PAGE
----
PIWI-Interacting RNAs (piRNAs) are small non-coding RNA molecules of approximately 24–32 nucleotides in length that often bind to members of the piwi protein family to play regulatory roles. Recently, emerging evidence suggests that in addition to the mammalian germline, piRNAs are also expressed in a tissue-specific manner in a variety of human tissues and modulate key signaling pathways at the transcriptional or post-transcriptional level. piRNAs have been shown to participate in the epigenetic regulation of cancer and other diseases and are key elements of cellular homeostasis. Furthermore, they play an important role in tumor formation, proliferation, and migration of the cells. Similar to miRNAs, piRNAs posttranscriptional regulation occurs in the cytoplasm. Numerous studies have suggested that piRNA and PIWI proteins, which are abnormally expressed in various cancers, may serve as novel promising biomarkers and therapeutic targets for tumor diagnostics and treatment.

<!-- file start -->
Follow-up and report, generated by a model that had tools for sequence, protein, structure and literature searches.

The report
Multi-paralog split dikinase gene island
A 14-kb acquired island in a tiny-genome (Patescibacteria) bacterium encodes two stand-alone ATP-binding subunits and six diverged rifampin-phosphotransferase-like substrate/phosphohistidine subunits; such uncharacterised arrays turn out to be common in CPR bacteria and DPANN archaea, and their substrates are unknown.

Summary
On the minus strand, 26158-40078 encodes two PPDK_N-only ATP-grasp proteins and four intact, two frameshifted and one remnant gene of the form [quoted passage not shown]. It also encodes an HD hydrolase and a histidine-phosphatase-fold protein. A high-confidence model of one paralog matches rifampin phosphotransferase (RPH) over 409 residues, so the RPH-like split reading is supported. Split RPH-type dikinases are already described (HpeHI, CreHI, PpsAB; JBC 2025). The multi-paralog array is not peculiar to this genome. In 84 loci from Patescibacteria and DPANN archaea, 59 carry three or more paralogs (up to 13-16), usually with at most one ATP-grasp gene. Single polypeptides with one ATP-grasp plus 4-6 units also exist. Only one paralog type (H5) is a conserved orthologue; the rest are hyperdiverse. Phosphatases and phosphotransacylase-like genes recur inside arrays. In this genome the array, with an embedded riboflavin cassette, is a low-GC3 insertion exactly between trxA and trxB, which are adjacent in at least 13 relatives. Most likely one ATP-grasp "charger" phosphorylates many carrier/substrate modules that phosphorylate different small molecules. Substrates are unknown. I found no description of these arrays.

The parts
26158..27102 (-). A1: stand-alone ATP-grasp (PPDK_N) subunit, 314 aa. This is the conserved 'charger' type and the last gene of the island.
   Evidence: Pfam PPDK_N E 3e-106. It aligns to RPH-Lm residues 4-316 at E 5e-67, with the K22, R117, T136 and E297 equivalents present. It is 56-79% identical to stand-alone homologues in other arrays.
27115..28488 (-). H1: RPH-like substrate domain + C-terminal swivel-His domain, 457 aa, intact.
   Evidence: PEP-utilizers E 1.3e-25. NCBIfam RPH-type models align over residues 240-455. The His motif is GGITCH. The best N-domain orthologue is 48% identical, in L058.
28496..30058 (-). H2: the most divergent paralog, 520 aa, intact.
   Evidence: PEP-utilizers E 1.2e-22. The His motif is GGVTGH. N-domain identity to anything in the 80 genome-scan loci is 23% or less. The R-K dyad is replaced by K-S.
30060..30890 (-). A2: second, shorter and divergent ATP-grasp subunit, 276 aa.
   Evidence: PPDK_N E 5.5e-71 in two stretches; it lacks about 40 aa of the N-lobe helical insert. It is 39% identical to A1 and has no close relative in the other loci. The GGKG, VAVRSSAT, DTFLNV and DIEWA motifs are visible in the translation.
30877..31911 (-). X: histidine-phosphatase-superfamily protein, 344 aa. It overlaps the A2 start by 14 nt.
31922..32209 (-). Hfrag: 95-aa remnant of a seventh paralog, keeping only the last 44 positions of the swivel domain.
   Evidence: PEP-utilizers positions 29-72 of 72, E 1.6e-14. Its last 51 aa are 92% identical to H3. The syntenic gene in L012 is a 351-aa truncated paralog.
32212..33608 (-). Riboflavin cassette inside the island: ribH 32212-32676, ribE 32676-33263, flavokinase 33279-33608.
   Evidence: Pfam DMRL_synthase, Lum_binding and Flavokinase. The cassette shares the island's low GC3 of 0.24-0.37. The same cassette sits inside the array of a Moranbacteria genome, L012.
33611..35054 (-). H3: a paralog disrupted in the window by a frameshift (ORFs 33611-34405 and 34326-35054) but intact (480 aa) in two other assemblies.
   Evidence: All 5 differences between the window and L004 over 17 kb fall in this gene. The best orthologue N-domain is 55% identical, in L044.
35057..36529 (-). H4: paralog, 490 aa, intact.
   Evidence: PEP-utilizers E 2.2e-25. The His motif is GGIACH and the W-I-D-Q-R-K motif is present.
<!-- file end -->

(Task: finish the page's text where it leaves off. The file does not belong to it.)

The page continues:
Based on the levels of piR-5937 and piR-28876, it was possible to differentiate between cancer patients and healthy donors with high sensitivity and specificity. Moreover, both piRNAs exhibited satisfactory diagnostic performance also in patients with stage I disease and enabled detection of colon cancer with higher sensitivity than currently used biomarkers CEA and CA19-9.
- References to piR-5937